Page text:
• taimoor

    “Would you allow someone to babysit your child if he/she was convicted for child abuse, albeit only once?”

    Man, that escalated quickly!Recommend

  • blue bird

    absolutely no leniency should be shown to this person. they play for the nation. millions of people across the country take the game very seriously. win or loss matters to them. cheating is a cruel joke on the country. players should play with the spirit of the game.

    letting him go because of the talent , this logic is flawed. every person who plays in international cricket is talented.

    as u sow , shall u reap.Recommend

  • Noman Ansari
  • Noman Ansari

    That’s true. If he is truly remorseful, he should come clean about any criminal activity.Recommend

  • Imran

    you are absolutely right but the child abuse part is unnecessary because he was not accused of being a pedophileRecommend

  • Lookman

    So are you questioning Muhammad Yousuf as well. Secondly the test match that you are talking about against AUS. Run outs were missed by Kamran Akmal. Catches were dropped by Amir and Asif. Also after the team’s dismal performace in AUS and NZ series, M yousuf complained against Malik, Butt, Farhat and Akmal brothers that they are very incoperative. But what happedened, He himeself was explelled from the team and now we can see the results….

    Had PCB taken some serious steps then, we would have not faced such humiliation.
    Shame be upon us…But in our society the only true saying is “Jo Boolay, wohi khudi kholay”Recommend

  • Ch. Allah Daad

    He should never be allowed to play again for Pakistan. He has lost trust for ever.Recommend

  • Aqilmund

    Interesting factoid: During a TV interview after this ”2010 incident’ his mother mentioned the fact that ‘although everyone in our village was betting my son would step away from them” while describing how prevalent betting was on their villages’ local cricket pitch.Recommend

  • Afkar ahmed

    well to me I don’t think you are a true son of Pakistan, even Prophet and God forgive and forgave the 1st mistake when admitted but we the nation of cheaters jointly cant bear a young man making one mistake and are all ready to follow international propaganda to let go of one of the finest talent of the century – he made a mistake, he openly admitted it, apologised for it, got sentenced and had a proper punishment and to me he should be given a chance once again… I’m sorry to say, writers like yourself Mr Asif khan, are giving us a bad name and fame to earn your livings – not a fair deal is it?Recommend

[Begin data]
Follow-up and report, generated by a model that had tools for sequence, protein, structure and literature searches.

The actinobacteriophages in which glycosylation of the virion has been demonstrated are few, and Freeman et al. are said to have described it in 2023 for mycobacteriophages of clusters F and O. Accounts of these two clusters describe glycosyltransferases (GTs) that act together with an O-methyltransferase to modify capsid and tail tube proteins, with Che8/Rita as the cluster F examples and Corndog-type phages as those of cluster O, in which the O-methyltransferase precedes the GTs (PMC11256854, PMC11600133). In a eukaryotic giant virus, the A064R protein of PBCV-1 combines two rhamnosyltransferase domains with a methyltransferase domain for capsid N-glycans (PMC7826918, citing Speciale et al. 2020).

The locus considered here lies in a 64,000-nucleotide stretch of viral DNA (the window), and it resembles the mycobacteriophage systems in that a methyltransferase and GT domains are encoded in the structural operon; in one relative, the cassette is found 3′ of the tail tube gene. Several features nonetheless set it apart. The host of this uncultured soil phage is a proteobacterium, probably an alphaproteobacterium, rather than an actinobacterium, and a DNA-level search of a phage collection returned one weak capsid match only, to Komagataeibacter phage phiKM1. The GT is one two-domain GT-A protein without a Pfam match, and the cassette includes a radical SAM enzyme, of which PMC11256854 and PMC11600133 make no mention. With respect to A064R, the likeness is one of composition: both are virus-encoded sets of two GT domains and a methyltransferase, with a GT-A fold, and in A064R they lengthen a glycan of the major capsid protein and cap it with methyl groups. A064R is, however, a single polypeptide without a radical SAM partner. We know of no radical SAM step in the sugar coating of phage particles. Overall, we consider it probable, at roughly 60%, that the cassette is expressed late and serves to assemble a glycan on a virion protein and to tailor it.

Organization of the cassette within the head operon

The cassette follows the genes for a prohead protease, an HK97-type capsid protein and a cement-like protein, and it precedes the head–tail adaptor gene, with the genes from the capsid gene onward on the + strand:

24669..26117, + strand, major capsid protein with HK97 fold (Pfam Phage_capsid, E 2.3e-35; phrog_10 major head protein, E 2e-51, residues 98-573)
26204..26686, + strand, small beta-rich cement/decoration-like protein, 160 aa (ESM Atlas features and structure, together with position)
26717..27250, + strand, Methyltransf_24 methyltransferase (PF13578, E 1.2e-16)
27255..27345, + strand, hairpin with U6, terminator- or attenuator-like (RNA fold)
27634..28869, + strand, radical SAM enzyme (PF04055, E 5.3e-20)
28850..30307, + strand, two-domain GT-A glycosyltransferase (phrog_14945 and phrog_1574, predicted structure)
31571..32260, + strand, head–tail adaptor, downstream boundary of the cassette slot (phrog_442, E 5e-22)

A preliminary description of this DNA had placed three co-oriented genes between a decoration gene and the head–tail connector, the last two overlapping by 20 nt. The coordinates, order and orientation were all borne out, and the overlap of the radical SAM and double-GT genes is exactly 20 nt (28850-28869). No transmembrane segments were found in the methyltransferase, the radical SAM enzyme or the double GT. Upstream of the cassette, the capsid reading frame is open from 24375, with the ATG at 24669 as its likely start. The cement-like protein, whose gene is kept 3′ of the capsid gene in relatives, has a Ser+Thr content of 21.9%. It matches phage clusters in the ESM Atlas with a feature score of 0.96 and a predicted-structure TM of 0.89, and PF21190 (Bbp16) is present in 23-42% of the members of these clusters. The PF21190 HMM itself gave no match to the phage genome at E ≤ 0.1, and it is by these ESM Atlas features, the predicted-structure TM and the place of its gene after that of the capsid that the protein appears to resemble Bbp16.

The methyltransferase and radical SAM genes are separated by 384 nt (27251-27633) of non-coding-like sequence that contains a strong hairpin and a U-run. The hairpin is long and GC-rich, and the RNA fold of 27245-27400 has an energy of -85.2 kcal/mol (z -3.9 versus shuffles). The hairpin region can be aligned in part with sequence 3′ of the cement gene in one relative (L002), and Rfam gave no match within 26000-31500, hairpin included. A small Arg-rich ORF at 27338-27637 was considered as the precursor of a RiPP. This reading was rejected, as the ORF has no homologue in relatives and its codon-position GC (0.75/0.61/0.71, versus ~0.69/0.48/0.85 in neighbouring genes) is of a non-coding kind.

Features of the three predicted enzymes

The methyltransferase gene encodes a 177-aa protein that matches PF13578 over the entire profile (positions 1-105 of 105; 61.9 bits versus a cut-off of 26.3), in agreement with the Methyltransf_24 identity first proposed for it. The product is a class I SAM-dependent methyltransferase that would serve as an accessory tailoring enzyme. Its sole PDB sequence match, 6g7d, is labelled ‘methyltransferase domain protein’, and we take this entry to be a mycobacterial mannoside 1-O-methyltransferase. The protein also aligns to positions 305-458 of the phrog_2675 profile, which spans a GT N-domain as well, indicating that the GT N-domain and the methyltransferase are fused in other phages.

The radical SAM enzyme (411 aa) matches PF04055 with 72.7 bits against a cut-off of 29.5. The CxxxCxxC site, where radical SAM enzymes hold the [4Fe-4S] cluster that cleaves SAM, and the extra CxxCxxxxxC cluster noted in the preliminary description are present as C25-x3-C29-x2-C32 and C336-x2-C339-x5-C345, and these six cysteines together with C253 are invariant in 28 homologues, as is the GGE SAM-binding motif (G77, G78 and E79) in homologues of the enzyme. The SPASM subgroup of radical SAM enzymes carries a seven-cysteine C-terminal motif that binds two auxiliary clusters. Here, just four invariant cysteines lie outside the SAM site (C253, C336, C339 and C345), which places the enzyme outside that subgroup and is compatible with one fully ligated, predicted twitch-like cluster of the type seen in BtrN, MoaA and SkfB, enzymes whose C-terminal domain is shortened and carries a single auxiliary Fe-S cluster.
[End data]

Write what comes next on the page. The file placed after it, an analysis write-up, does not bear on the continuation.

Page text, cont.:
• Anooop

    Money is influence, power is influence. In this case, his talent is influence.

    Would anyone be vouching for him, speaking for him if he weren’t talented?

    So, most people who want this influence culture to be eliminated and talk down Politicians of using their influence to make their lives easier and make money, aren’t they enabling it?

    Same principle really. You have influence you can bend the rule.

    Isn’t it hypocritical to be against corruption, bad practices, unholy gain using money and power, but support this?Recommend

  • Arshad

    Why society accepts murderers,thieves and other corrupt/guilty people after their punishment is over? Why they are allowed to live in same house/mohalla/city in same people where they did their crime? When society accepts all theses criminal people then why not Amir back in cricket after Bann?Recommend

  • Parvez

    Well said Asif. I am one of those who believe that Amir needs to be tried for treason.Recommend

  • pakistan

    everybody deserves a second chance and i think he deserves on too he pleaded guilty and mr asif khan everybody deserves the benefit of the doubt and until you cant prove anything against him your accusing him and thats even wrong Islamicly.Recommend

  • Salman

    A lot of bad things happened Mohammad Yousuf’s captaincy……Recommend

  • Don

    Above all the things humans make mistakes even you can be slipped in it. He had apologized for his act. He committed his mistake not like asif and butt still denying. Amir deserves a chanceRecommend

  • mory great

    I am not a acknowledged expert, so I am not be able to animadversion on
    the legalities of the Pakistan Candid Board’s agony to get Amir’s
    book bargain or at atomic acquisition a way for him to play calm candid
    until the time for his ban lapses. For that purpose, the PCB acting
    administrator did not alone appoint a acknowledged able in England, but
    went to appear ICC affairs alert to accession the aforementioned apropos
    in foreground of the accordant authorities.
    http://jeuxfacebookfr.org/Recommend